10 Questions for the New Year
A number of years ago I stumbled across an intriguing article entitled “10 Questions to Ask at the Start of a New Year”. It was written by Donald Whitney from the Southern Baptist Seminary on the Crossway publishers website. I’d come across Whitney before having read his book on spiritual disciplines which I’d found really helpful in thinking through what godly devotions and Bible reading should look like.
Whitney’s point, which is kind of obvious really, is that Christian growth; growth in joy, love for the Lord, love of others, maturity of understanding etc, doesn’t happen by accident. So while it is true that if you’re truly Christ’s you can’t lose your salvation, or even in an important sense lose your holiness, still it is entirely possible to live as a baby Christian and to pass up opportunities to grow, mature and even enjoy the Christian life. “Do not be deceived: God cannot be mocked. A man reaps what he sows.” as Paul puts it in Galatians 6:7.
That means that taking stock of our Christian lives is really important, and a new calendar year is a great time to do that. So here I give you Donald Whitney’s 10 questions with a bit of waffle from me in between:
1. What’s the one thing you can do this year to increase your enjoyment of God?
I love this way of starting. Whitney’s assumption is that we should enjoy the Christian life! Who knew! But it’s vital to our health as Christians not only that we trust Jesus but that we appreciate that there is nothing more delightful than trusting Jesus.
2. What’s the most humanly impossible thing you will ask God for this year?
Again it’s the assumption behind the question that is delightful here. That God moves in answer to our prayers in ways which are inexplicable outside of his plans and purposes.
3. What’s the most important thing you could do to improve your family life?
Perhaps you don’t have immediate family with you but if you do it’s helpful to think not simply on a practical level but also a spiritual one. Are you able to read the Bible as a family or as a couple? Or pray for things in your family? Or take a bit of time over a meal to consider a truth from God’s word together?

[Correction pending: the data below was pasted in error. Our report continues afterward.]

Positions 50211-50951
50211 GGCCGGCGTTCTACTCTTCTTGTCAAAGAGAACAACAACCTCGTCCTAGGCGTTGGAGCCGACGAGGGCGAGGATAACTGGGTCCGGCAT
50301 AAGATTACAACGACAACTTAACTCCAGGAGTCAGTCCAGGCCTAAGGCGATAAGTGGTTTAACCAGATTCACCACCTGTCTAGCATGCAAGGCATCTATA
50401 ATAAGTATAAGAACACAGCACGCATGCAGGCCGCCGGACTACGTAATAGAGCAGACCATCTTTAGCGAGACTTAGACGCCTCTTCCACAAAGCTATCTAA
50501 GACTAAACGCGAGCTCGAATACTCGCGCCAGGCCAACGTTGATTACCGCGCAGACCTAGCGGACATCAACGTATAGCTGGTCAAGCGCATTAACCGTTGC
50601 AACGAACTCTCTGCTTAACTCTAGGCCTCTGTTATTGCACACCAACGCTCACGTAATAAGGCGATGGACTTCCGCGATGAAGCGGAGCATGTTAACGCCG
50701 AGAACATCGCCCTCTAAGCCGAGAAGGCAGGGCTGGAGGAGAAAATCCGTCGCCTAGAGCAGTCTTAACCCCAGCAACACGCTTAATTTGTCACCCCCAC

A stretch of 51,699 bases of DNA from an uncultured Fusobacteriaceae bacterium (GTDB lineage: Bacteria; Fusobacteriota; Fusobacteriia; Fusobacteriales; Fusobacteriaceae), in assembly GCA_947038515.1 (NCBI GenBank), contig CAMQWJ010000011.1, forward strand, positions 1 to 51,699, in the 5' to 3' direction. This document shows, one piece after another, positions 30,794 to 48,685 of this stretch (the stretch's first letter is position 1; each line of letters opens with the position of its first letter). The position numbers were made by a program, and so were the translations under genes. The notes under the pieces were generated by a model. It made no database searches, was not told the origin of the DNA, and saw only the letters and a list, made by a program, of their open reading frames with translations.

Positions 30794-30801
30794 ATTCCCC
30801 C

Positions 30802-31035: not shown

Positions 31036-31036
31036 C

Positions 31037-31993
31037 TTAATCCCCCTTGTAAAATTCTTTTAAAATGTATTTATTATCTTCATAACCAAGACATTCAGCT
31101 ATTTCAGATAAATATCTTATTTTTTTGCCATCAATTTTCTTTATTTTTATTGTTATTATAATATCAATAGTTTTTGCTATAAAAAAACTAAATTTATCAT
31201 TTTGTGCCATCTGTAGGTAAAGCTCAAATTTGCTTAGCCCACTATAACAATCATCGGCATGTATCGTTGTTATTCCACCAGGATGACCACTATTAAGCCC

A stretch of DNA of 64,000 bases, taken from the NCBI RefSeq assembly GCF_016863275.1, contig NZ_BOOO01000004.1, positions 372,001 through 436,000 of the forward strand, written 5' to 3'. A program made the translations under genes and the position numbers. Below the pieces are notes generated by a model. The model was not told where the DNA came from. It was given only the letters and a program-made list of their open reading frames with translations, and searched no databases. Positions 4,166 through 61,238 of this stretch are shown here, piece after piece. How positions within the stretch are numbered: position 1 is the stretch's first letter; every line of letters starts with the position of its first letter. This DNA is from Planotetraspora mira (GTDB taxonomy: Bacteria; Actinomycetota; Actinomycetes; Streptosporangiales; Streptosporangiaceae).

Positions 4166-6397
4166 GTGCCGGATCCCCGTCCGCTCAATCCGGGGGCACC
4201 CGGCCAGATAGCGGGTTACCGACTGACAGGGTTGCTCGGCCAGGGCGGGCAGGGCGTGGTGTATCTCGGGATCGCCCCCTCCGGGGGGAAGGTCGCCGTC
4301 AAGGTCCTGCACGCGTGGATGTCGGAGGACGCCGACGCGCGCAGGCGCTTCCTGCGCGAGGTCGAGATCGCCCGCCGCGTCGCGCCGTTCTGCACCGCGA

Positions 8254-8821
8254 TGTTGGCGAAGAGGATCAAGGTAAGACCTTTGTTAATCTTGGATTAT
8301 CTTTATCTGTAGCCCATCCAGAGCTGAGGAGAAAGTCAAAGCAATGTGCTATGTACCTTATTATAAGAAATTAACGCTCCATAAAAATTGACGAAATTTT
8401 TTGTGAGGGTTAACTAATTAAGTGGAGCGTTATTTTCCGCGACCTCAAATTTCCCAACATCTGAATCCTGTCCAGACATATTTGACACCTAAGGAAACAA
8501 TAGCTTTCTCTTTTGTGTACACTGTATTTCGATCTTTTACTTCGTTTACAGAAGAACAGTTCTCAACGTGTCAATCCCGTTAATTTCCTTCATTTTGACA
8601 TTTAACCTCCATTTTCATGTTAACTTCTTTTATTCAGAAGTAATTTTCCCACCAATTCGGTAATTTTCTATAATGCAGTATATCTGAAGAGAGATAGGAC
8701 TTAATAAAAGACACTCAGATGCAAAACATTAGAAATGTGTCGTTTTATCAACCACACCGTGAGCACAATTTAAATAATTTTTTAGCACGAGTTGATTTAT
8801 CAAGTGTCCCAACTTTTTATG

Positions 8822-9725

4. In which spiritual discipline do you want to make the most progress this year?
Spiritual disciplines are things such as; personal Bible reading, prayer, fasting, journaling, meditation on God’s word. It’s perhaps easy to write a generic “read the Bible more” but probably more useful to think about how and set your mind to doing it in a specific way.
5. What’s the single biggest time-waster in your life, and how can you redeem the time?
This probably doesn’t take much thought, but if you can’t think of anything just ask someone who you live with and they will tell you!
6. What’s the most helpful new way you could strengthen your church?
These things are all connected because clearly growing as a Christian personally is strengthening the local church. But also strengthened church grows individual Christians. So what can we do to help church do this well?
7. For whose salvation will you pray most fervently this year?
If you’re like me you will find it easy to give up praying for family members or friends who aren’t Christians, almost despairingly resigning myself to their disinterest and unbelief. But we mustn’t do that, and the new year is a good chance to commit ourselves to praying for unbelieving friends and family again.
8. What’s the most important way, by God’s grace, you will try to make this year different from last?
Whitney points out in his article that God while is sovereign over all things that happen, that doesn’t negate the measure of responsibility he gives us over many areas of our lives. So is there a habit you need to break? A pattern of thinking or living that needs to change? Is there a situation you’ve been ignoring or a problem you’ve been neglecting?
9. What one thing could you do to improve your prayer life this year?
A few years ago I decided in response to this question that I would write out some prayers I wanted to pray every day. Prayers for family members, for personal godliness, for church life. That’s been a massive help to me so that I’m not just reading down a list but actually pausing to think.
10. What single thing can you plan to do this year that will matter most in ten years? In eternity?
Here I think is the genius of these questions. We tend to think that it’s the big decisions which will have this big impact, when really it’s the little daily commitments which over the decades will shape us the most.
(submitted by Steve Palframan)